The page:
I fed and watered them all summer to no avail. They finally bloomed in late September. Did anyone else have this problem? I'll probably plant both again,but not in such a prominent place. They were supposed to be the stars of the patio containers,in that respect they were a dud.

 

plectranthus
Plectranthus 'Mona Lavender'

 

Last minute carrots, nothing is sweeter.

There's nothing more delicious than a freshly picked carrot. Alas, I've had zero luck with them as they prefer a rich, moisture retentive soil and mine is dry and lean. As an experiment, I sowed seeds in several large black plastic nursery pots in late August. 

 

It was easier to remember to water them in the pots. Carrots dry out fast because seeds are only sown a quarter of an inch deep. Germination takes 14 days,if the seeds dry out you're cooked. Good soil is an essential ingredient for flavorful carrots. I used one of my favorite mixes, Bumper Crop, but any rich, friable compost and soil mix will suffice.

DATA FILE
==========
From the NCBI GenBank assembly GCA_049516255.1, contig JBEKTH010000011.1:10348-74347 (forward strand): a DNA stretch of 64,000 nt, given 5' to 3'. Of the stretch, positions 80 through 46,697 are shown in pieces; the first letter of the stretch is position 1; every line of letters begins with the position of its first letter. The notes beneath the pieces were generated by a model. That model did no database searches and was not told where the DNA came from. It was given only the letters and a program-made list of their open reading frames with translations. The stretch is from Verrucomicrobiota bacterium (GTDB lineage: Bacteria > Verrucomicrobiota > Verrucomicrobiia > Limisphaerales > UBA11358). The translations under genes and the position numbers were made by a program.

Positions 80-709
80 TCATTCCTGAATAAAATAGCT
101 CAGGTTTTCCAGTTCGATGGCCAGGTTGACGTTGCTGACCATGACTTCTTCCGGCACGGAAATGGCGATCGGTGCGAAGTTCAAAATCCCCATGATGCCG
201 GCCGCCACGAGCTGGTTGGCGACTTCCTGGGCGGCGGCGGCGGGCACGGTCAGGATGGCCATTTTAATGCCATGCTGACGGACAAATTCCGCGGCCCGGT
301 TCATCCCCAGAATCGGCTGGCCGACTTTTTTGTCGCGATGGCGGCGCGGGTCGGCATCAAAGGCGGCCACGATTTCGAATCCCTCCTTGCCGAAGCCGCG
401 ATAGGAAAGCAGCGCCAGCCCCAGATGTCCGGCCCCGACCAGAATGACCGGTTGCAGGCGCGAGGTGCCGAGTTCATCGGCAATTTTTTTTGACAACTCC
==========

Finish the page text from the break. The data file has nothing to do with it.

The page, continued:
carrots

 

If you've struggled with carrots,or any other root crop, give this method a shot. I wish I had planted more and thought of it before August. More to come next year.

 

Year end treat, artemesia doesn't quit.

I spotted Artemesia 'Parfum d'Ethiopia' on an end-of-summer sale table at a local garden center. Attracted by the feathery silver foliage,I purchased three and promptly plunked them into a big hole  in my front border. That dark green and gray contrast was a happy accident I plan to repeat. 

 

artemisia

 

This tough little annual is just the right size (about 20") for the front of a bed. It soldiers on through drought and doesn't blink at freezing temperatures. It's still hanging in there with the rose as I write this.

 

artemisia
Artemesia 'Parfum d'Ethiopia'

 

Always waiting for the next spring.

That's it in a nutshell. The quest for the right plant, plotting my next project and even bemoaning the failures has kept me going in a year without much good news.

 

Did you have a memorable plant or anything else that brought you joy this year? I'd love to hear about it, please share!

 

 

 

 

 

 

 

 

 

 

 

 

 

 

 

 

 


Sign up for my newsletter

 

 

 


Copyright © 2021 Gardening With What You Have. All Rights Reserved.
Web Development by SiteSteward, Inc.